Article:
By Dave Wischnowsky –
(CBS) Sometimes, it’s better to be lucky than good.
And one year ago, the Illinois basketball program, from its dismal regular-season performances to its disruptive postseason coaching search, wasn’t good.
But, it turned out that the Illini – and, most significantly, athletic director Mike Thomas – were indeed lucky. And in the end, that was good.
Very good, if you ask me.
On March 29 of last year, the University of Illinois announced John Groce as the 17th men’s basketball coach in school history. For the occasion at Assembly Hall in Champaign, Groce’s wife, Allison, showed up clad in an orange dress that she had coincidentally purchased six weeks before. When asked why she’d bought it, Allison simply said, “I love orange.”
Following Groce’s impressive introductory presser, I wrote, “There’s a great chance that Illini Nation will also come to love John Groce. He’s a good hire. With the right staff, he could be a very good one. In time, the man tied with Penn State’s Patrick Chambers as the youngest coach in the Big Ten (age: 40) could even become a great one. Who knows. We’ll just have to wait and see.”
Well, we’ve waited nearly 365 days, and I think we now know that Groce very well might be a great coach. There’s little doubt that he was a truly great hire for Illinois, and – with hindsight being 20/20 – I’d argue that he was the best man for the job.
Even if Shaka Smart and Brad Stevens made him first look like the bridesmaid in the Illini’s coaching search.
After Thomas fired Bruce Weber, the Final Four head coaches of Virginia Commonwealth and Butler both reportedly turned down offers of more than $20 million to move to Champaign. Those high-profile rejections by Smart and Stevens turned Illinois into a national punchline and once Groce was finally hired away from Ohio, he walked into a tricky situation at Illinois.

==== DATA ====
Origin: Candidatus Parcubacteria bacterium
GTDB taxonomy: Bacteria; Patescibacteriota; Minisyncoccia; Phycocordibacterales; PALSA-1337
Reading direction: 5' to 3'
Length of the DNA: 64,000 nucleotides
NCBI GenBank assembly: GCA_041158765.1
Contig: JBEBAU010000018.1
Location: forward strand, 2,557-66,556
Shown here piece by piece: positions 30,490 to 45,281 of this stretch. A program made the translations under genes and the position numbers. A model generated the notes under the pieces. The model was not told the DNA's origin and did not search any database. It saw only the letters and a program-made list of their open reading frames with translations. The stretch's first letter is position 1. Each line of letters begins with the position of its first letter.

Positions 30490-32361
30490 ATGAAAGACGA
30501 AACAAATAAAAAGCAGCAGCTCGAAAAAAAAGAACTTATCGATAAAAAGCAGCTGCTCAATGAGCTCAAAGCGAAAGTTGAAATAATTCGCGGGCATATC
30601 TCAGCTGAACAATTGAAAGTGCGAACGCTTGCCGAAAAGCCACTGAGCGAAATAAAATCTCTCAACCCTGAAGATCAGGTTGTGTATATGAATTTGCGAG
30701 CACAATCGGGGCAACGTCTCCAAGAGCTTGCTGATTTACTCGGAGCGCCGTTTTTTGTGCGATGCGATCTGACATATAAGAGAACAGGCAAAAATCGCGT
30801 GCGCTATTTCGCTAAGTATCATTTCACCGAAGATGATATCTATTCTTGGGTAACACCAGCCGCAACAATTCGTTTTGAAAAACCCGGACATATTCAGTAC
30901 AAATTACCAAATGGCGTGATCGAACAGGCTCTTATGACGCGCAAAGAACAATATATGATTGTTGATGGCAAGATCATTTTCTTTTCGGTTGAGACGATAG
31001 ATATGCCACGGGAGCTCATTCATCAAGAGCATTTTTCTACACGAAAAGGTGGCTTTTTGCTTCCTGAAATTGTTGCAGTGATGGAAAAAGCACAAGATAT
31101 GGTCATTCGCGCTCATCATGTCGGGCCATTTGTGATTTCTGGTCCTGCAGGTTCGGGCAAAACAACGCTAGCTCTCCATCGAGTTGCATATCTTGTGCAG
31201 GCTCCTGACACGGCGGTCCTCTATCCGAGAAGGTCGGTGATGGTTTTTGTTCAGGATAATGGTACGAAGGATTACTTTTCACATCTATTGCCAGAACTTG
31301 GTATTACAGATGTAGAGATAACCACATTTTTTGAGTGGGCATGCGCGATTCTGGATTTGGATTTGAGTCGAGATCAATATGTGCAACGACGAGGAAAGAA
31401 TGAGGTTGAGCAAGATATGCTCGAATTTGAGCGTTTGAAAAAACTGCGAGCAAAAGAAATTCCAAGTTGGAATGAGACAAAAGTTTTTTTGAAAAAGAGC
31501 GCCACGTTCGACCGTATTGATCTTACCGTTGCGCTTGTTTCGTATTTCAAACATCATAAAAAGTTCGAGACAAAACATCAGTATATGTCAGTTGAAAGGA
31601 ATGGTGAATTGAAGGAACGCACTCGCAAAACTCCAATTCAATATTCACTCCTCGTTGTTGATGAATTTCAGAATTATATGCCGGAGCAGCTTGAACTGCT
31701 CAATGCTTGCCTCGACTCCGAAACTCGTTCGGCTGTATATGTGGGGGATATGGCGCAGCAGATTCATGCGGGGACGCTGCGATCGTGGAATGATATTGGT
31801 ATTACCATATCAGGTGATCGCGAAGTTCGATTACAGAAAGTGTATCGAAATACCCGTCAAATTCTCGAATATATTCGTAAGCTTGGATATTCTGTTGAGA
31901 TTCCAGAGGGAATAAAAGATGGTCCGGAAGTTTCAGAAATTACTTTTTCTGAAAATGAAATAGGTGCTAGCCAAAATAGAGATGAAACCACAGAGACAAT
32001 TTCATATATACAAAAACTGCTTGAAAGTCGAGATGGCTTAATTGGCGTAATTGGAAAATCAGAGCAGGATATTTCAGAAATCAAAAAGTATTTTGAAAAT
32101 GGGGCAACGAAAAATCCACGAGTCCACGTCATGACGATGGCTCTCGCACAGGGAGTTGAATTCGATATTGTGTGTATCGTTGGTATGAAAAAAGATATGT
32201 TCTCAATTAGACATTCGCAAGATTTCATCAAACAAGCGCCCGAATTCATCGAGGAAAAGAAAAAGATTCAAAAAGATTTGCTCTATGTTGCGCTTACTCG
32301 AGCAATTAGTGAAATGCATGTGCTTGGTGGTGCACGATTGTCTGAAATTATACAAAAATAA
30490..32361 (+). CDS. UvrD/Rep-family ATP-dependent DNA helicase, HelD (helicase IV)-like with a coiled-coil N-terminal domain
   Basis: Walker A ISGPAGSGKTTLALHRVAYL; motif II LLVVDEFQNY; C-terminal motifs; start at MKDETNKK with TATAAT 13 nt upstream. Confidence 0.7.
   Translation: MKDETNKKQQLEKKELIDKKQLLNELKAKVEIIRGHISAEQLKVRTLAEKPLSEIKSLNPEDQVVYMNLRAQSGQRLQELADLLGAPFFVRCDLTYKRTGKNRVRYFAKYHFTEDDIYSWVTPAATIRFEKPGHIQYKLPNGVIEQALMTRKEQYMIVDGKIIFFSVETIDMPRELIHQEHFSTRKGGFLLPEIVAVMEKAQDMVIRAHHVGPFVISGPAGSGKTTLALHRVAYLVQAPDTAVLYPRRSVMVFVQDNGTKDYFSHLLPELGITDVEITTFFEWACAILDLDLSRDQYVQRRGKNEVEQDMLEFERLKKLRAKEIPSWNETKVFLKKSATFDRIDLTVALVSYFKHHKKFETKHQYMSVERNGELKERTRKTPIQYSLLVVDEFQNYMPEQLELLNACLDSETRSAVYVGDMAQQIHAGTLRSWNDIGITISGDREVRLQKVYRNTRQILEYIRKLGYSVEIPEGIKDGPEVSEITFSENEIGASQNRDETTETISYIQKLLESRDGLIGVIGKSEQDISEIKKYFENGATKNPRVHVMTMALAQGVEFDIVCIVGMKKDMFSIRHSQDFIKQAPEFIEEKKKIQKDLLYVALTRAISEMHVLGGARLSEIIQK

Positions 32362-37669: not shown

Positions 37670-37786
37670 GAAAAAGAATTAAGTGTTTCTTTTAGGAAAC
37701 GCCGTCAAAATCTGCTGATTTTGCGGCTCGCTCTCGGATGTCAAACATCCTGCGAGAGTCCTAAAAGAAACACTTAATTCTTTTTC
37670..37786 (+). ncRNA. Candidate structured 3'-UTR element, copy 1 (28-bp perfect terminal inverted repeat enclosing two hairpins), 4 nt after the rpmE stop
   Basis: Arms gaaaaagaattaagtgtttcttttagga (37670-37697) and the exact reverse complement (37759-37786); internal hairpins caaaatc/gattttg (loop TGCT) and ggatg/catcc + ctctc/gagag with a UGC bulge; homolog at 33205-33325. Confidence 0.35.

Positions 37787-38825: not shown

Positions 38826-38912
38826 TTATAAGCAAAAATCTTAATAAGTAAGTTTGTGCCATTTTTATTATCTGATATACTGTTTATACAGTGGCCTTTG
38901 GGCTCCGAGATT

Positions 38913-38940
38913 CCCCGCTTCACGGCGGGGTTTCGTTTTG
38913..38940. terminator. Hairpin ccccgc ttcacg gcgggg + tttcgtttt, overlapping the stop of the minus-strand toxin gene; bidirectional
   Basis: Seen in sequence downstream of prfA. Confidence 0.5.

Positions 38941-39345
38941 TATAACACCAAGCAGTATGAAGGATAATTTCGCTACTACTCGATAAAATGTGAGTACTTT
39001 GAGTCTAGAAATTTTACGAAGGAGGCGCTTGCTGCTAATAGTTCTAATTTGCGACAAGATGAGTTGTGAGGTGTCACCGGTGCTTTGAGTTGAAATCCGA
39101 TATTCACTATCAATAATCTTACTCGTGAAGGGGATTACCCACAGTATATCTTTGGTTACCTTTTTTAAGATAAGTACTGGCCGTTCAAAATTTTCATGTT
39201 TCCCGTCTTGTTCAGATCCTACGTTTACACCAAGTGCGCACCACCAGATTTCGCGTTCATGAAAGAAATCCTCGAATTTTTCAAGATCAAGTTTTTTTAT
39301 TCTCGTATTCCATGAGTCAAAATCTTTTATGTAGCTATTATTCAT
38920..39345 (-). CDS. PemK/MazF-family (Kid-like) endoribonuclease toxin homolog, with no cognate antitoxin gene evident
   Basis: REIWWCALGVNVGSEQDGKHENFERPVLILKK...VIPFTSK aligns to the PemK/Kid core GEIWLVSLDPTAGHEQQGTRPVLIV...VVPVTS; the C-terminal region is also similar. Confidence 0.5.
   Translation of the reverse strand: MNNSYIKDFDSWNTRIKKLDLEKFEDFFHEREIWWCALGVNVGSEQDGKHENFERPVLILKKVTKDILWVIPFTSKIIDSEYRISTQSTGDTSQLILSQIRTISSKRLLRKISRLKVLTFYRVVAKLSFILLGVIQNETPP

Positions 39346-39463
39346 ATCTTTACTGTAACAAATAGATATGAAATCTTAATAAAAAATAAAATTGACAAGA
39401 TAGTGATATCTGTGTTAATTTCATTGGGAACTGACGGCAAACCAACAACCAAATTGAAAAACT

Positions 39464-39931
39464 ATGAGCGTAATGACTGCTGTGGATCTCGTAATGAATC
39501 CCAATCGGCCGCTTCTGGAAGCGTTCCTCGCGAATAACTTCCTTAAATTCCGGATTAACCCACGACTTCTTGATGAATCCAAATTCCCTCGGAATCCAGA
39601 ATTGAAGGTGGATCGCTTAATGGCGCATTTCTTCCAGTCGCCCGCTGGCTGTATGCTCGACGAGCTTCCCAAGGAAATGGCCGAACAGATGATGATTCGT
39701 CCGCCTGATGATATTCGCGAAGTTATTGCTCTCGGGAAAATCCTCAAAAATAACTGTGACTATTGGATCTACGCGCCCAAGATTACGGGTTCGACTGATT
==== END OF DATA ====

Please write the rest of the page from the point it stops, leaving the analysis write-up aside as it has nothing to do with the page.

His team had lost 12 of its last 14 games. Many viewed him as a deep fallback option. Several Chicagoland prep coaches raised an eyebrow at his hire. And an Illinois trustee even went as far as to label him a “second-tier” option.
Groce deserved more respect at the time. And after guiding Illinois to a hot start, weathering a severe mid-season storm, upsetting No. 1 Indiana and coming within a bad call and a few missed treys of reaching the Sweet 16 of the NCAA Tournament, he’s now undoubtedly earned it.
Last year, when Thomas pursued Smart, the hottest name in the nation, I understood why. Smart is a great coach, and he certainly would have been a home run hire for the Illini. But, at the same time, I did wonder if his “HAVOC” style of frenetic full-court pressure might be a stretch for the full course of a season in the rugged Big Ten. And this past weekend, in the NCAA Tourney, Big Ten member Michigan stretched Smart’s VCU team until it snapped.
As for Stevens, hiring such a brilliant basketball mind also would have been a coup for Illinois. However – and perhaps I’m wrong – I’m not convinced that had Stevens decided to come to Champaign that he would have also then waltzed into Chicago and immediately plucked two recruits off Simeon’s talented roster.
You know, in the way that John Groce did.
Twelve months after everything seemed upside-down in the world of Illini basketball, all now seems right with the program’s future thanks to Groce’s playing style, his coaching acumen, his recruiting chops and, perhaps best of all, his energetic optimism.
Illinois basketball – and its passionate fans – desperately needed a shot in the arm. I think they ended up finding the perfect guy to deliver it.
And for Illini Nation, that’s both lucky and good.
If nothing else, Dave Wischnowsky is an Illinois boy. Raised in Bourbonnais, educated at the University of Illinois and bred on sports in the Land of Lincoln, he now resides on Chicago’s North Side, just blocks from Wrigley Field. Formerly a reporter and blogger for the Chicago Tribune, Dave currently writes a syndicated column, The Wisch List, which you can check out via his blog at http://www.wischlist.com. Follow him on Twitter @wischlist and read more of his CBS Chicago blog entries here.